Apple Watch to Fuel Wearable Device Market, Gartner Says

Gartner expects adoption of smartwatches and other devices to ramp up in 2015 and beyond, but says design and competition from China will be hurdles.

Apple Watch

Apple's introduction this month of its Watch will help fuel what Gartner analysts say will be growing interest in the wearable computing device toward the end of this year and into 2015.

In a report Sept. 17, the analysts noted that nine of the top 10 smartphone makers are moving into the wearables market—compared with two such vendors last year—and that by 2016, smartwatches will make up about 40 percent of consumer devices worn on the wrist.

However, despite the expected growing popularity of such devices, vendors will face some challenges, ranging from balancing the competing factors of design and usability—around such issues as battery life—and growing competition from original design manufacturers (ODMs) from China, they said.

"Apple has finally unveiled its Apple Watch, which we expect to trigger more consumer interest once it starts shipping in 2015," Angela McIntyre, research director at Gartner, said in a statement.

Other research firms expect the wearable device market to grow. IDC in April said more than 19 million wearable devices will ship this year, while ABI Research analysts in June said they expect 10 million activity trackers and 7 million smartwatches to ship in 2014.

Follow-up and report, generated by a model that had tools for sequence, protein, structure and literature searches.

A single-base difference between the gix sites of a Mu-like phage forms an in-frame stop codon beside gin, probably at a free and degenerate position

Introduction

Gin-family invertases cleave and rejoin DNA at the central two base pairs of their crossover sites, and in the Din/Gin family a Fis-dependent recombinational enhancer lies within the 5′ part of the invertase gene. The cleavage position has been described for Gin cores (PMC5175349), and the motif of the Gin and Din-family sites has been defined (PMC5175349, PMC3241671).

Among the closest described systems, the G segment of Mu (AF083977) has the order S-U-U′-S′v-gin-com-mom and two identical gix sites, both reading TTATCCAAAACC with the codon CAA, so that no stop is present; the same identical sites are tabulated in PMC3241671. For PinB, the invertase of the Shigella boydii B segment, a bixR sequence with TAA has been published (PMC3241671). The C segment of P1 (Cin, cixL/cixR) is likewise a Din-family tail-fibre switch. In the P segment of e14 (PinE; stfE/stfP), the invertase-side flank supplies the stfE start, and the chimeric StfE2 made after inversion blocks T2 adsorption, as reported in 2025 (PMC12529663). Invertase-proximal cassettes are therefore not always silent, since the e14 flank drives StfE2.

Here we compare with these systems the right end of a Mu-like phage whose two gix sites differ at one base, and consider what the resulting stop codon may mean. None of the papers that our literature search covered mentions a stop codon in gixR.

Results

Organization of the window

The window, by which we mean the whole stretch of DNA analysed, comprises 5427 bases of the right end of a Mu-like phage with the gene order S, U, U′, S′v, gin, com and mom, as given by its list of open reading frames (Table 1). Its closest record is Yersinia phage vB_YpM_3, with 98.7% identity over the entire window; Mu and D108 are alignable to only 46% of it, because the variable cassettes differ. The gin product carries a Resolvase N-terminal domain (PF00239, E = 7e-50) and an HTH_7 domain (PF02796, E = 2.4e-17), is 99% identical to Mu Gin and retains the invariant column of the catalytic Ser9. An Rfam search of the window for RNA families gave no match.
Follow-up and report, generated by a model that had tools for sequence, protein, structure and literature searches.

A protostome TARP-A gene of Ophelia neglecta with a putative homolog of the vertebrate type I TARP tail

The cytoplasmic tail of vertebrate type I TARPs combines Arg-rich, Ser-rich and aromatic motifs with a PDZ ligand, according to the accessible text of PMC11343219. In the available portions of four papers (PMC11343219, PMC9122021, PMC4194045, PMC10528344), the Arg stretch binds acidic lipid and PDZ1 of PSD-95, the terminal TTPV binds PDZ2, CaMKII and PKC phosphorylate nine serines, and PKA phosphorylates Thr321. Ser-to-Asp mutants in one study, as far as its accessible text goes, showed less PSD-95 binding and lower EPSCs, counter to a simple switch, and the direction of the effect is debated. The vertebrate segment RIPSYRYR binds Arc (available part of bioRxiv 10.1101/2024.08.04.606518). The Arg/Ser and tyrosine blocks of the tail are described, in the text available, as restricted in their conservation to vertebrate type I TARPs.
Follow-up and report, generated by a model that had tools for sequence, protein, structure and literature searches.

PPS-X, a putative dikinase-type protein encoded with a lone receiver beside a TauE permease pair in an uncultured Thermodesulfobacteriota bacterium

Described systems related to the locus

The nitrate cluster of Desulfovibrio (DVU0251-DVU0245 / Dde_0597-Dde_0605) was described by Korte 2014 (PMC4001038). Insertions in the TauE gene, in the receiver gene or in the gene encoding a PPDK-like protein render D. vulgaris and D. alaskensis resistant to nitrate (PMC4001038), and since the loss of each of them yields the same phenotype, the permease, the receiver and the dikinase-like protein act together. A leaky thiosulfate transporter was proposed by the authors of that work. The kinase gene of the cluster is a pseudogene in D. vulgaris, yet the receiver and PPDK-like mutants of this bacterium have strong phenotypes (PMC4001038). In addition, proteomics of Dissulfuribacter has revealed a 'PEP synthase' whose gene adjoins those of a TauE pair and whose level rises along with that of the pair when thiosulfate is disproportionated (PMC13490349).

And a growing number of system and component makers are eyeing the growing segment. Most recently, Intel officials at the company's Intel Developer Forum this month showed off a wide range of Intel-based wearable devices, from the MICA bracelets to BioSport In-Ear headphones to Basis smartwatches, as well as a bowl that can charge such devices wirelessly.

Like the MICA—which Intel developed with Opening Ceremony—Apple's Watch will be pricey, with the lowest-cost one starting at $349. (Intel has said MICA will be priced at less than $1,000.) That shouldn't slow down interest, however, McIntyre said.

"As with the iPhone, Apple's high-price strategy for the Watch will limit its market share; yet, with its attention to design and the user interface, we believe this product will attract many users," she said.

Devices based on Google's Android mobile operating system were first to come onto the market, with mixed results, according to Annette Zimmermann, research director at Gartner. However, she expects interest in these devices also to track upwards. The designs of the latest smartwatches are a step up over earlier ones, and give users an idea of the features that Android Wear will offer, such as voice search, turn-by-turn navigation and contextual reminders, Zimmerman said.

"The Sony Smartwatch products and the Samsung Gear were early products that received much attention in the press but less enthusiasm from consumers due to their unclear value proposition and flawed design," she said. "In 2014 we are seeing a few more positive developments in terms of design and user experience … and we therefore expect consumers to show more interest in these products in the second half of the year."